Lührmann explained that the two senior officials delivered this Tuesday to their colleagues in the General Affairs Council of the EU the document they commissioned in January and it has generated a “lively and positive” discussion. “The general consensus is that this debate is needed,” added the German. Both, after admitting that they had sent the document the night before to the other Member States, have pointed out that the European Council in Granada on October 6 will be a good time to open the debate. For this meeting, the European Commission plans to present a report on the evolution of Ukraine’s candidacy for entry into the Union.

“Accepting the complexity of Member States’ different visions for the EU, this report recommends flexible reform of the EU and the enlargement process. Underlines the immediate need to improve the functionality of the EU (…). The most substantial reforms ―including the preparation of the review of the treaties― should be implemented during the next legislature (2024-2029),” write the group of experts, led by the German Daniela Schwarzer and the Frenchman Olivier Costa.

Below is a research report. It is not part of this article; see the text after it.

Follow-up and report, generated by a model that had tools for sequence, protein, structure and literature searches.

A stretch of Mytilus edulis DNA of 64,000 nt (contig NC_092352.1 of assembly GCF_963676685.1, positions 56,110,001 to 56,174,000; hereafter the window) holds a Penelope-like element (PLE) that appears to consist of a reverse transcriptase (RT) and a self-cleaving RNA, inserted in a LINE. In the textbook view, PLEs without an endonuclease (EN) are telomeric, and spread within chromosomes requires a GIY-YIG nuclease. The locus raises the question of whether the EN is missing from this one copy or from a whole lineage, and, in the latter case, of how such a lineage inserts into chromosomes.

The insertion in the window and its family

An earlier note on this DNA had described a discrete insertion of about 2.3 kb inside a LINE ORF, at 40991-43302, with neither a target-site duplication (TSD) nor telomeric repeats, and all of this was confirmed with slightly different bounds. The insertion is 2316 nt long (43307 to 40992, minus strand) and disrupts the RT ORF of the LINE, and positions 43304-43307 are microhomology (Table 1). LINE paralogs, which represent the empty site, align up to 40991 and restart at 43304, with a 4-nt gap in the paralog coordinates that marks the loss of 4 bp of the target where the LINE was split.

The objective would be to have the EU ready to begin the enlargement process in 2030 – a date that the president of the European Council, Charles Michel, has already spoken about – and to be able to reach a club that brings together “more than 30 countries.” “The institutions and decision-making mechanisms are not designed for a group of up to 37 countries,” the text introduces, which means that in addition to the six Balkan countries that are on the doorstep (Serbia, Albania, Bosnia, Montenegro, Macedonia of the North and Kosovo), the three from the easternmost area (Moldova, Ukraine and Georgia), Turkey is also considered. However, the very proposals launched by the experts propose four levels of European integration: one of deeper integration such as the euro zone and Schengen, another closer to what the 27 are today, “a broader circle of associated members, with participation in the single market and an adherence to common principles” and a fourth that would be the European Political Community.